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Classic (and XL!) Hot Cross Buns

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5 from 2 reviews

These Hot Cross Buns are an incredible addition to your Easter table!


Units Scale

For the Dough:

  • 217.5 g (1.5 c) raisins
  • 500 g (2 c) boiling water
  • 325 g (1.33 c) whole milk
  • 1 tbsp yeast (instant or active dry)
  • 1 tsp sugar
  • 512 g (4 c) all-purpose flour
  • 1.5 tsp salt
  • 1/2 tsp cinnamon
  • 1/4 tsp nutmeg
  • 1/4 tsp cloves
  • 50 g (1/4 c) brown sugar
  • 50 g (1/4 c) granulated sugar
  • 1 tbsp orange zest (optional)
  • 1 large egg
  • 1 tsp pure vanilla extract
  • 57 g (1/4 c) butter

For the Flour Cross:

  • 100 g flour
  • 125 g water water

To Finish:

  • 1/2 c Apricot Preserves (I love Bonne Maman)


  1. Place the raisins in a heat-proof bowl.  Carefully pour the boiling water over the raisins.  Set aside for 10 minutes.  Drain the water from the raisins and place the raisins in a single layer on a clean dish towel or some paper towels.  We want dry raisins for this recipe!
  2. Warm the milk to 113°F to 115°F.  Add the yeast and 1 tsp of granulated sugar.  Combine thoroughly.  Allow yeast to bloom for 8 minutes.  
  3. Place flour in a container by itself and set aside.
  4. Cut butter into 1 tbsp-sized pieces.
  5. Once the yeast has bloomed, add yeast mixture, salt, cinnamon, nutmeg, cloves, brown sugar, granulated sugar, orange zest (if using), egg, vanilla, and ~450 g of flour to the bowl of a stand mixer.  Using the dough hook, combine the ingredients until a dough ball begins to form.  Add flour, one tablespoon at a time, if the dough remains sticky after five minutes.  The dough should pass the windowpane test before adding the butter.  At most, this recipe will require 1-2 additional tablespoons of flour, beyond the original 512 grams.  However, it’s possible that you won’t need all of the flour!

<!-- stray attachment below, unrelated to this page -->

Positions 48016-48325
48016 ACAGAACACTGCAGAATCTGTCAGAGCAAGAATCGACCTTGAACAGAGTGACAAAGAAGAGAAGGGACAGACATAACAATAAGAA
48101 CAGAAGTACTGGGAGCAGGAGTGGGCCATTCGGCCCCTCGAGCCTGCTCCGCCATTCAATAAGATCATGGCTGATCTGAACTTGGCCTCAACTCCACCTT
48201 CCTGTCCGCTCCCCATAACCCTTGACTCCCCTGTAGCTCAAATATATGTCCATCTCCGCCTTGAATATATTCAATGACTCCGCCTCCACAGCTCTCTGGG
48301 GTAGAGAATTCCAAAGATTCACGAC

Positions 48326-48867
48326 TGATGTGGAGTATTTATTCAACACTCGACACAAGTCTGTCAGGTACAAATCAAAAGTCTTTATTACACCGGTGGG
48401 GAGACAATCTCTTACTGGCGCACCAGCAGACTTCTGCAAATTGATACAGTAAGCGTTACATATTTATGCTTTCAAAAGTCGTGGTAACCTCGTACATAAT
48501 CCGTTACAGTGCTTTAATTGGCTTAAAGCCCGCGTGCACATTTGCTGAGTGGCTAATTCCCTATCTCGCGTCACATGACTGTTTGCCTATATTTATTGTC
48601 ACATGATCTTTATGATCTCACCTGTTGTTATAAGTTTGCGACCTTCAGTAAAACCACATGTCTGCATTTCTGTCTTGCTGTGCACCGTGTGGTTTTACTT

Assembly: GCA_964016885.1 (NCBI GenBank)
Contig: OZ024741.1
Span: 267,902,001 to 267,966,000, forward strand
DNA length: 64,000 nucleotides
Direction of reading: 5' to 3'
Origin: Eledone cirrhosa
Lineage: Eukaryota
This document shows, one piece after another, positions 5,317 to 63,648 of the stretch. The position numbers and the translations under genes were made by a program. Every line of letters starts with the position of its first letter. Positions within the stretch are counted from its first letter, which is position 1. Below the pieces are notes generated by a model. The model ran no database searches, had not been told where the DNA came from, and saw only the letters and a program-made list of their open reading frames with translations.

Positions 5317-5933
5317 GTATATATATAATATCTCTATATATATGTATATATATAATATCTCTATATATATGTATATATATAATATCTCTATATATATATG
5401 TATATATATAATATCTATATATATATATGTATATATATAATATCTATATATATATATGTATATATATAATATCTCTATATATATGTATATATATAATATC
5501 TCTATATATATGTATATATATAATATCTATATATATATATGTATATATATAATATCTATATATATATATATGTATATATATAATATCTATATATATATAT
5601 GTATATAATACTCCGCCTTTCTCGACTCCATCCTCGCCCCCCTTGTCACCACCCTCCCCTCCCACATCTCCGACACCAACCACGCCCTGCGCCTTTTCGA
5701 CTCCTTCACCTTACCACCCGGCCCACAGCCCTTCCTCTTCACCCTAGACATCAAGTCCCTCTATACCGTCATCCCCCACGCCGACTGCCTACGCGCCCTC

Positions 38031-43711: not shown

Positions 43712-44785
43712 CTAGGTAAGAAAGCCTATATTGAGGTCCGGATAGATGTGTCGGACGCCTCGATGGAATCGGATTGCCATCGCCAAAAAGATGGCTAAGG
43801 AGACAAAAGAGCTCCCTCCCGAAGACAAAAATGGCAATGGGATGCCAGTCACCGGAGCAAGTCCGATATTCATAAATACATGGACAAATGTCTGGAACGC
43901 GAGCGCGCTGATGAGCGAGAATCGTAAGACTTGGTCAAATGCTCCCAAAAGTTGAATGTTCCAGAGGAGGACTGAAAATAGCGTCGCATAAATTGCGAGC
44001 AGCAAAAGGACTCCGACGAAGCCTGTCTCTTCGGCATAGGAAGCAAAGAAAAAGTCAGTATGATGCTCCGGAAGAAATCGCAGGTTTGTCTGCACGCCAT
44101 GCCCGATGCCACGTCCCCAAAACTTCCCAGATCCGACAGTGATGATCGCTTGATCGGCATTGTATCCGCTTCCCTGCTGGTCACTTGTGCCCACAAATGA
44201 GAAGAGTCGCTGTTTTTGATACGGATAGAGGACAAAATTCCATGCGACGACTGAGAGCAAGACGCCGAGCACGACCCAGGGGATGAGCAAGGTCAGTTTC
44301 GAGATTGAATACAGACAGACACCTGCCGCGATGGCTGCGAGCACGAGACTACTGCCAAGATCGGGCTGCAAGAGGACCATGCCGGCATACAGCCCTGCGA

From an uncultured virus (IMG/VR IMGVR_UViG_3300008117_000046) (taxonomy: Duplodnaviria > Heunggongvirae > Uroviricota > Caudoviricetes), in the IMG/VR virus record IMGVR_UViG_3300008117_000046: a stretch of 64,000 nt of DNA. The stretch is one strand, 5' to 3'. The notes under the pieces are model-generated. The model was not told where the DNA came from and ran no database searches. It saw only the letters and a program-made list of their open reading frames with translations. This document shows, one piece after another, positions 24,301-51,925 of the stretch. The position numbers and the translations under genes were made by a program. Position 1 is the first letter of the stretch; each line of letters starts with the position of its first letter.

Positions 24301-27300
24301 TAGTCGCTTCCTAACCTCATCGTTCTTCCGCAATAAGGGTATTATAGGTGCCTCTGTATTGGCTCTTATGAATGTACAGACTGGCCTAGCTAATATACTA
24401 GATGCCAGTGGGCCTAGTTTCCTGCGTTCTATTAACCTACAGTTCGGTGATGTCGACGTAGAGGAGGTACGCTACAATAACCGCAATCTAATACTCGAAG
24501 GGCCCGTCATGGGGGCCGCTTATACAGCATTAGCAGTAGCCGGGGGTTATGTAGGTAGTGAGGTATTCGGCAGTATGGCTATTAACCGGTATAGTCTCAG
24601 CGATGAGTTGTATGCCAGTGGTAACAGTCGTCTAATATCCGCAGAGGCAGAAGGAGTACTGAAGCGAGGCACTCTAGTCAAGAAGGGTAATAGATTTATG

6. Once the dough passes the windowpane test, add the butter, one tablespoon at a time.  Mix each pat of butter until it’s fully incorporated into the dough.
  7. After all the butter has been added, knead with the dough hook until a supple dough forms.  The dough should not be shiny and it should again pass the windowpane test.
  8. Add the raisins to the dough.  On lowest speed, combine the raisins until they are uniformly incorporated into the dough.  This could take 1-2 minutes on lowest speed.  Don’t increase the speed of your mixer, because the raisins might break into pieces.  Patience, Friend.
  9. Place the dough in a greased bowl and loosely cover it with plastic wrap.  Allow to rise for an hour and ten minutes, or until it passes the finger poke test.
  10. Split the dough into either eight (for XL) or twelve equal pieces (a digital kitchen scale works amazingly for this task!) and shape into balls.  Place each ball 1″ from its neighbor in a 9″x13″x baking dish.  Need help with shaping?  Watch my video that shows my techniques for bread making by hand here!
  11. Cover loosely with plastic wrap and allow the rolls to rise for 45 minutes.  While the dough is rising, make the flour paste for the crosses and heat your oven to a true 375°F.
  12. To make the flour paste, add the 100 g of flour and 125 g of water to a small bowl.  Stir until completely combined.  The final texture of the flour paste should be thick, but pipeable.
  13. Place the flour mixture in a gallon-sized freezer bag.  Cut a tiny hole at the tip of the bag.  Smaller than you think you need!  Pipe crosses onto the buns and bake immediately.
  14. Bake at 375°F for 25-30 minutes (28-35 minutes for XL buns), or until the buns are a deep golden brown.  While the buns are baking, prepare the apricot preserves.
  15. To prepare the apricot preserves, place them in a microwave-safe container. Microwave until melted, or about a minute.
  16. Once the buns are out of the oven, brush them immediately with the apricot preserves.
  17. Enjoy warm!


  1. Bread baking is as much an art as a science.  So, the amount of flour that you need for this recipe might vary.  Variations in humidity, protein content, and many other things will impact how much you need.  BUT you should not need more than 1-2 tbsp more than the recipe calls for.  Want to be absolutely confident with your flour?  Use a digital kitchen scale to measure it!
  • Author: Shani